In 2003, Khalil Rafati was 33-years old and a heroin addict, living on the streets of Los Angeles’ Skid Row. He weighed 109 pounds and “looked like a walking corpse,” he said.
Now Rafati, 16-years sober and a 154-pound athlete, is the picture of health. He is also founder and owner of the 14-unit SunLife Organics, based in Malibu, California, a juice and superfoods bar where the beverages include many of the adaptogenic herbs and ingredients that he feels helped fuel his return to health.
SunLife was an early adopter of the adaptogen movement, a term that describes a category of functional ingredients designed to boost the immune system and help the body fight off the effects of stress. When the concept launched in 2011 offering smoothies with things like raw cacao beans, matcha and goji berries, Rafati’s mostly foreign suppliers scoffed at the notion that Americans would pay to put such ingredients in their drinks.
“Now you can’t swing a dead cat without hitting a matcha shop,” said Rafati. And SunLife is drawing professional athletes, super models and rock stars who are increasingly embracing functional ingredients to help fix what ails them.
“Everybody killed themselves to make a bunch of money and then they woke up one day and found they have a body,” he said. “I see people fueling themselves on coffee and fear for decades and they build these empires. But all the collagen is gone from their skin and they’re devoid of energy.”
Since opening day, SunLife has offered smoothies, juices and coffees using adaptogens that are now increasingly popular, including ashwagandha, pine pollen, nettles, maca and various mushrooms, including reishi, chaga and cordyceps.
Most smoothies run between $16 to $18, but one—the Billion Dollar Meal—has a long list of ingredients that includes colostrum, chlorophyll, aloe vera, collagen, silica, whey protein, various vitamin supplements and a mushroom blend (reishi, chaga, shiitake, maitake, lion’s mane and more), all blended in hemp milk with coconut meat.
Most adaptogens are supplements, for which the Food and Drug Administration prohibits making health claims. Some are rooted in Ayurvedic and Chinese traditional medicine practices that date back thousands of years.
Rafati is happy to share his own experiences, but he warns guests who are pregnant or nursing to talk with their doctor, and it makes him nervous when he sees 30-pound toddlers chugging functional beverages designed for adults. “Kids go nuts for them,” he said.
In Portland, the CBD brand Ablis is also tapping into the functional beverage trend with a new concept that opened in the Pine Street Marketplace in December. Ablis Experience CBD Lounge is designed to showcase the company’s CBD-spiked bottled beverages, but with cocktails and mocktails—dubbed func-tails —that include things like turmeric, ashwagandha, gingko biloba and various mushrooms.
The Heart Beet, for example, includes beet powder, hawthorne berry and L-Arginine, the latter an amino acid touted by some for erectile function.
Guests at Ablis Experience have various options for building their func-tails as a hot, steamed drink with various CBD-spiked milks or espresso, or cold and shaken over ice.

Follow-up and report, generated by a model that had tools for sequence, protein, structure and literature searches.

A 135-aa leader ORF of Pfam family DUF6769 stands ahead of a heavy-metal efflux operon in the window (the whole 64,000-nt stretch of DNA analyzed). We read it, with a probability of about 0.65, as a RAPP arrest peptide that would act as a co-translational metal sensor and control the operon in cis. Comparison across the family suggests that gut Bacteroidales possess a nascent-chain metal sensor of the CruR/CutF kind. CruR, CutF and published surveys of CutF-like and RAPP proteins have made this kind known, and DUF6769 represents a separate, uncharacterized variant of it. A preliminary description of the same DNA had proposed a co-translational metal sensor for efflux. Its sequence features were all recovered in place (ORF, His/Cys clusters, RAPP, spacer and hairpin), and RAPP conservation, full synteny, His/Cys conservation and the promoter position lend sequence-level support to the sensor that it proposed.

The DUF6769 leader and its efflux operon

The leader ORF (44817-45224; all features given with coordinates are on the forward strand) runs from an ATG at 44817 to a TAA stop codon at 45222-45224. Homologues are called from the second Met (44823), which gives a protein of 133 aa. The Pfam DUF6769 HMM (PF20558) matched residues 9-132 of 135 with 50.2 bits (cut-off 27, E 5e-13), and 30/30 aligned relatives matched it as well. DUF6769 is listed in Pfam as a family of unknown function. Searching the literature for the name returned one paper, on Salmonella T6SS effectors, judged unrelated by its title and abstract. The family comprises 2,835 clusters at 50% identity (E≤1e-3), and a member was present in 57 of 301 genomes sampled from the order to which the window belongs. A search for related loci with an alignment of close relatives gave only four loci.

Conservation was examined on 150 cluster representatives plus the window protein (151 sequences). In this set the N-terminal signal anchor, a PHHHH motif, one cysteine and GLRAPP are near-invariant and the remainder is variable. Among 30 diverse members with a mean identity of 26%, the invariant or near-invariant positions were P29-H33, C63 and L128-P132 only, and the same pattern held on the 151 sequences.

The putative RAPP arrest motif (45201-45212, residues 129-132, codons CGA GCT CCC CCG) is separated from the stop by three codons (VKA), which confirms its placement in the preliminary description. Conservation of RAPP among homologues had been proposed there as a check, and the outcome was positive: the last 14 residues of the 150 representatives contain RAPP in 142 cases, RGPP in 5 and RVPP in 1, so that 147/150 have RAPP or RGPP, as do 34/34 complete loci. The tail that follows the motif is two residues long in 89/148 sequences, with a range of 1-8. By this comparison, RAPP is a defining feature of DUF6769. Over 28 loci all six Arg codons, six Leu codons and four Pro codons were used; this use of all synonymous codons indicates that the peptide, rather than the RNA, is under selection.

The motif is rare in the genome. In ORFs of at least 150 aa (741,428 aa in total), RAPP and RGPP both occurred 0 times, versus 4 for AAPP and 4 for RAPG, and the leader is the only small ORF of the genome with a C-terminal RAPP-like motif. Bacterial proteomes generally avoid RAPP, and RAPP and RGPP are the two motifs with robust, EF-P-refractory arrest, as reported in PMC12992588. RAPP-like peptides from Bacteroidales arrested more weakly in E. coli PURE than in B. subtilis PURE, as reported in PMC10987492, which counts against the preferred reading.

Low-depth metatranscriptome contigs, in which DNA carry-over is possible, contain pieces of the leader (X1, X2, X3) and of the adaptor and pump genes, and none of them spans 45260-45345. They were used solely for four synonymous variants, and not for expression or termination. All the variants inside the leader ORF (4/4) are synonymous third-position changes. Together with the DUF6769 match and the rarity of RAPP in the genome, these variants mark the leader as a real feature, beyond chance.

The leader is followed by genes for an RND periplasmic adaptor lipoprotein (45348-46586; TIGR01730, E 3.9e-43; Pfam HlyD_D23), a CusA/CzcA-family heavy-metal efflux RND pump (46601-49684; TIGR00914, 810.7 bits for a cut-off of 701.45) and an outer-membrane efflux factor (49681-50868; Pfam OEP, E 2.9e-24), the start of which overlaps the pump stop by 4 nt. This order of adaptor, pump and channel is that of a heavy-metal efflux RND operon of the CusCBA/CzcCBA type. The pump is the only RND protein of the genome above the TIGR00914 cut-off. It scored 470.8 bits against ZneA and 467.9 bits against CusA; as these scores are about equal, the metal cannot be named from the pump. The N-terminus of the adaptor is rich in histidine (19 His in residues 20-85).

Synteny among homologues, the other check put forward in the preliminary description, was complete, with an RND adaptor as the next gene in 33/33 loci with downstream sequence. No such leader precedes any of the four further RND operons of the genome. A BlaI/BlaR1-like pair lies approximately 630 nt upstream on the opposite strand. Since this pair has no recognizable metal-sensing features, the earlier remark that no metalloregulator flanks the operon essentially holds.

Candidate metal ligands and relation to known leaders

Jim Bendis, founder and CEO of Ablis, said, “The FDA doesn’t let us talk about the benefits of CBD, so we have a whole host of natural ingredients that would be considered adaptogens or have more functional purposes, like brain health, heart health or boosting immunity.”
Bendis said Oregon health officials have allowed the use of CBD products in the bar setting. “We do offer beer and cocktails as well, because, after all, this is Oregon,” he said.
In New York, the Honeybrains concept opened its second unit in October with a menu dedicated to brain health, using recipes developed in consultation with neurologist Dr. Alon Seifan. The focus is on five brain-boosting food groups (vegetables, fruits, legumes, whole grains and foods high in Omega 3s), along with healthful herbs, spices, fermented foods and sweeteners like honey.
On the beverage menu are juices and shots made in house, including the calming Lemonbalm Calm (gala apples, pineapple, kale, lemon, green apple, ginger, fiber gum, celery, parsley and lemonbalm); and Super Charge (blueberry, oat milk, date paste, vanilla extract, pomegranate extract, tart cherry juice and rhodiola rosea), which is touted to help with endurance.
Divya Alter, chef and co-owner of Divya’s Kitchen in New York, is a believer in Ayurvedic practices and that food can directly impact health. But she cautions that consumers should not assume that these ingredients will offer the same benefits to everyone universally.
Ayurvedic teachings take a more personalized approach, she said. Ashwagandha, for example, can have a heating effect, so she wouldn’t recommend it for stress if a person tends to run hot.
“My teachers always caution against using very powerful herbs in food like that,” she said. “When you take something from a tradition, use it according to the tradition. When you use it blindly or improperly then you have negative effects and the modern medicine community says, ‘See, we told you not to take those herbs.’”
Alter, who is planning to open a fast-casual version of Divya’s Kitchen in New York this spring, recommends that restaurant and bar operators consult an expert before they start adding adaptogens to beverages.
“Don’t just put it on the menu to make money,” she said.
This piece originally appeared on Restaurant Hospitality, a New Hope Network sister website. Visit the site for resources for independent restaurant operators.